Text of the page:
The increased coverage requirements mandated under the Affordable Care Act are shifting the payment landscape for other types of insurance, including auto insurance, and worker’s compensation.
Automobile, worker’s compensation and general business liability insurance costs could potentially fall under the law, according to nonprofit research organization RAND. On the other hand, medical malpractice coverage costs could tick higher.
The report says there could be as much as a 5% change of costs in those three insurance policies in certain states, but adds there is “considerable uncertainty” around these estimates.
Researchers examined how the ACA might operate across different liability lines and how those lines might vary across states given existing laws, population demographics and other factors. RAND reports that liability insurance companies reimburse tens of billions of dollars annually for medical care related to auto accidents, workplace injuries and more.
David Auerbach, RAND policy researcher, says the impacts are small but noteworthy, and have the potential to evolve overtime.
“We don’t know how this will play out and if the ACA will lead to lower costs overall,” Auerbach says. “Insurers could see their costs going down, but there are things that could change within specific markets.”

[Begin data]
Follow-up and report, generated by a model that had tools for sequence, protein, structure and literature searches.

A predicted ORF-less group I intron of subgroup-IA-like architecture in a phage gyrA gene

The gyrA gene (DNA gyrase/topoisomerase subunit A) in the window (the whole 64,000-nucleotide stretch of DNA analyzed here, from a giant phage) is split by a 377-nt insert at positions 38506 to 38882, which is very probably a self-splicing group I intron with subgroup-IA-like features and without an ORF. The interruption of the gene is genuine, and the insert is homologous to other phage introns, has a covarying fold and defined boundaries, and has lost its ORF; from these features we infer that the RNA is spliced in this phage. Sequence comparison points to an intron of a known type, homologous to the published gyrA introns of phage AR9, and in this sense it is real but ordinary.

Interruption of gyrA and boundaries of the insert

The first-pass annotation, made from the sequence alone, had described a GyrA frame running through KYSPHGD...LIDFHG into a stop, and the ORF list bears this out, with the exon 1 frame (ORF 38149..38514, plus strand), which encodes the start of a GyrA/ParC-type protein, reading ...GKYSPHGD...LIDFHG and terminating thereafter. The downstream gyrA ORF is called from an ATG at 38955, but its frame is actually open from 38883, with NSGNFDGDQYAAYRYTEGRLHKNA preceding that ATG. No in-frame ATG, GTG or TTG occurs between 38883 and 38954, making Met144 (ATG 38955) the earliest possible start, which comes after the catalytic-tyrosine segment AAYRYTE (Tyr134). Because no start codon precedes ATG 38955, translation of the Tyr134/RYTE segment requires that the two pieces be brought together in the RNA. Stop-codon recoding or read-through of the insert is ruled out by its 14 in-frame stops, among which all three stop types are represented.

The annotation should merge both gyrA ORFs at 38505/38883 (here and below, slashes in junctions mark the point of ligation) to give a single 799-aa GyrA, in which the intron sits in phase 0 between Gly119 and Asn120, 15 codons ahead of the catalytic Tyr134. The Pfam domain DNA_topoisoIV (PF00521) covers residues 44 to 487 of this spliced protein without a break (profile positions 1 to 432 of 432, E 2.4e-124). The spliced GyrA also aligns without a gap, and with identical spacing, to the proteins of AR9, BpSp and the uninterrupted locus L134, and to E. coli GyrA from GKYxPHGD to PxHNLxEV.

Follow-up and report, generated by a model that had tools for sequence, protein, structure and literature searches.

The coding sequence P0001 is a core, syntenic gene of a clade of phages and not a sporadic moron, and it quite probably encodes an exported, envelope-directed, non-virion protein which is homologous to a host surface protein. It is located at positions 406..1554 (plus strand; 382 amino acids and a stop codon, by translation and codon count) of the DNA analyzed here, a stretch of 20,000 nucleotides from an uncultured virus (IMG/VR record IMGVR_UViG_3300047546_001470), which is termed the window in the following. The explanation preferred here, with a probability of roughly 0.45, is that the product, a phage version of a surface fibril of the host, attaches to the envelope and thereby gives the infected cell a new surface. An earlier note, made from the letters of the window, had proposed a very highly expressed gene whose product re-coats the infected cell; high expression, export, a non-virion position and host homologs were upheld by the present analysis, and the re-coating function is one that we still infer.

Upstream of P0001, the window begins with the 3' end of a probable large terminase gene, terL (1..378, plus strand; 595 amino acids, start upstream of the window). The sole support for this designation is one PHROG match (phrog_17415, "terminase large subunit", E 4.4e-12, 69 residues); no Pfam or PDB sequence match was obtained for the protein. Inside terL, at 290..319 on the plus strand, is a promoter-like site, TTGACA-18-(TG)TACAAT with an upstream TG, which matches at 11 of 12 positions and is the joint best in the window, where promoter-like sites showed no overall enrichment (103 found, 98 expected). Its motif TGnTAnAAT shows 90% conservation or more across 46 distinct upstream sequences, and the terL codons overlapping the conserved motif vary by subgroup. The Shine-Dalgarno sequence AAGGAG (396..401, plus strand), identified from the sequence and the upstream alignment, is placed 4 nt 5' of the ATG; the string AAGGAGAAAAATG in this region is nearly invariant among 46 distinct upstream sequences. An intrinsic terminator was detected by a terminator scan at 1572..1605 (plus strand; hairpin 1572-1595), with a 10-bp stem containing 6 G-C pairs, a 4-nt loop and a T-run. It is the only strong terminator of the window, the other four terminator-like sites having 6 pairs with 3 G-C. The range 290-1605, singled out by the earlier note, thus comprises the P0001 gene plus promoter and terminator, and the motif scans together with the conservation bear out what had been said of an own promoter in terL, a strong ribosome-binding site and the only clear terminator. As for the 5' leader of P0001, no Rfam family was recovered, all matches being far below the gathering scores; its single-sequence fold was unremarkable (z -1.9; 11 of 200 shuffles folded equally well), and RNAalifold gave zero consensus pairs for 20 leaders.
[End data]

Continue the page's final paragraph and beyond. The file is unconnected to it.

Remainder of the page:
More Americans are projected to be gain health insurance under the ACA, with 7.1 million people having selected plans on both state and federal exchanges according to President Obama’s latest enrollment announcement. This means the costs of providing auto insurance, workers compensation and homeowners insurance could fall for providers.
It’s important to note, as RAND does, that cost changes may ultimately hit consumers.
The study also cautions that with more people being covered under the ACA, the number of medical malpractice claims made against doctors and providers could increase, making these costs higher.
“There’s more care being provided, so naturally there’s more that can go wrong,” Auerbach says.
The ACA mandated that every individual in the country have insurance by March 31, or they will face a fine of $95 a year or 1% of their annual income for failing to comply.